Stir-fries are a quick and easy way to make the most out of fresh ingredients. You can craft them to fit all dietary preferences restrictions, and whether you eat out–or stay in and watch the Travel channel– inspiration can come from anywhere. I didn’t want to scare anyone away with my first blog post, so I decided to start with the simple stir-fry I made a few weeks ago. I rarely follow recipes myself, so think of this as a suggestion. I think recipes are a great way to get started, especially if you are newer to cooking, but you’ll learn so much more if you pay close attention to your senses while you cook–be present!
Though not required, this style of cooking works best in a wok, because the pot’s high walls, depth and weight make it easy to control all of the ingredients you’re going to have flying around. Another advantage is that woks have a larger cooking surface than regular pots, so you can be more confident that everything will cook evenly.
Once you decide which pot to use, you’ll want to keep it in good condition–use wooden, or bamboo utensils to stir rather than metal ones to help avoid scratching up the bottom. Over time, scratches from metal utensils may scrape up the coating many pots have directly into your meal. It will make things taste metallic, and encourage things to stick to your pot and burn.
I used chicken, but this could work with mushrooms, tofu…or even seafood. But for simplicity, let’s start with chicken. I used dark soy sauce to get that color, but since you’ll need regular soy sauce either way, it’s not a deal-breaker if you can’t find it. Season and marinate the chicken to get a deeper color.
Once your chicken is marinated, and good to go, add the chicken, and oil to the hot wok, and let it sear until it stops sticking. Deglaze with lime juice if you need to, then remove from the wok and add in your garlic, peppers, shallots and ginger. Add in some lightly crushed peanuts, and season to taste. Once you add the noodles, and soy sauce, all that’s left are the fresh herbs, and more lime juice. Oh, and don’t forget the chicken from the first step!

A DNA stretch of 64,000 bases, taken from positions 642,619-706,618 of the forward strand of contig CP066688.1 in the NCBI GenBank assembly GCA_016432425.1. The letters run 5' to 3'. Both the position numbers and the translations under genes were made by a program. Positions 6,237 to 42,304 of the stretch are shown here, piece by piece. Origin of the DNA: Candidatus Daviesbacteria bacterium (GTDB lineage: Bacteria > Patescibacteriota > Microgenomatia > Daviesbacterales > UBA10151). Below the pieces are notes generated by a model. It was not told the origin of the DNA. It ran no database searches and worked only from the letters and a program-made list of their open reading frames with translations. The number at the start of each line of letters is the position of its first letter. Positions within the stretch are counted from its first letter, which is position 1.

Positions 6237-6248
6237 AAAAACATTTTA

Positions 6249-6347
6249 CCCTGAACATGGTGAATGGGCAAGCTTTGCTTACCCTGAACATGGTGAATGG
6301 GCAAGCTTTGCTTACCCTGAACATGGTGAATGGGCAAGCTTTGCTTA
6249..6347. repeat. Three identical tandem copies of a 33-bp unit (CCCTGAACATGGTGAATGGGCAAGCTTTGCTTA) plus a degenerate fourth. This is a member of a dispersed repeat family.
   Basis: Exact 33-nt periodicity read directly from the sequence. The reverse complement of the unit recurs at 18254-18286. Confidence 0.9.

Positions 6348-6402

Turn off the heat, and serve over rice (white or brown–it’s up to you) or rice vermicelli noodles like I did here. If you want maximum flavor, I’d suggest tossing your rice/noodles into your pot just before serving. It’s also never a bad idea to bring some extra peanuts, herbs, limes, and peppers to the table–that way everyone can create their own perfect bite.
Now, let’s cook.
2 lb boneless-skinless chicken breast/thighs
4 cloves garlic
1 inch of peeled ginger, minced
1 bell pepper, sliced thinly
1 shallot, sliced thinly
1 jalapeño* to taste
1/2 cup toasted peanuts (un-salted or lightly salted)
1/2 cup thai basil, sliced thinly
1/2 cup cilantro, sliced thinly
4 cups Rice vermicelli noodles
1/2 cup soy sauce
1/4 cup dark soy sauce
1 Tbs Garlic Powder
1 Tsp Ginger Powder
Salt and pepper to taste
1. Thinly slice chicken and season to taste. Place in a ziplock bag.
2. Combine soy sauce, and lime juice, and add to ziplock bag. Seal, mix, and marinate for at least 20 minutes (but up to 2 hours).
3. Mince garlic, shallots, ginger, and set aside.
4. Thinly slice peppers into strips–discard the seeds if you do not like heat!
5. Crush/grind peanuts to gravel-like consistency and set aside.
6. Heat two tablespoons of vegetable oil in a wok/frying pan on med-high heat, and sear chicken on both sides. **You may have to do this in two batches, depending on the size of your pot.
7. Once the chicken is seared, set it aside, and lower you head slightly to medium. Toss in your peppers, shallots, garlic, and ginger, and stir in the remaining oil. As things start to caramelize, and release water, scrape up the fond (the stuff that stuck to the pan when you cooked the chicken) and continue stirring.
8. Toss in your herbs, chopped peanuts, rice noodles, and lime juice. Savor that smell. Seriously. Add the cooked chicken at the end.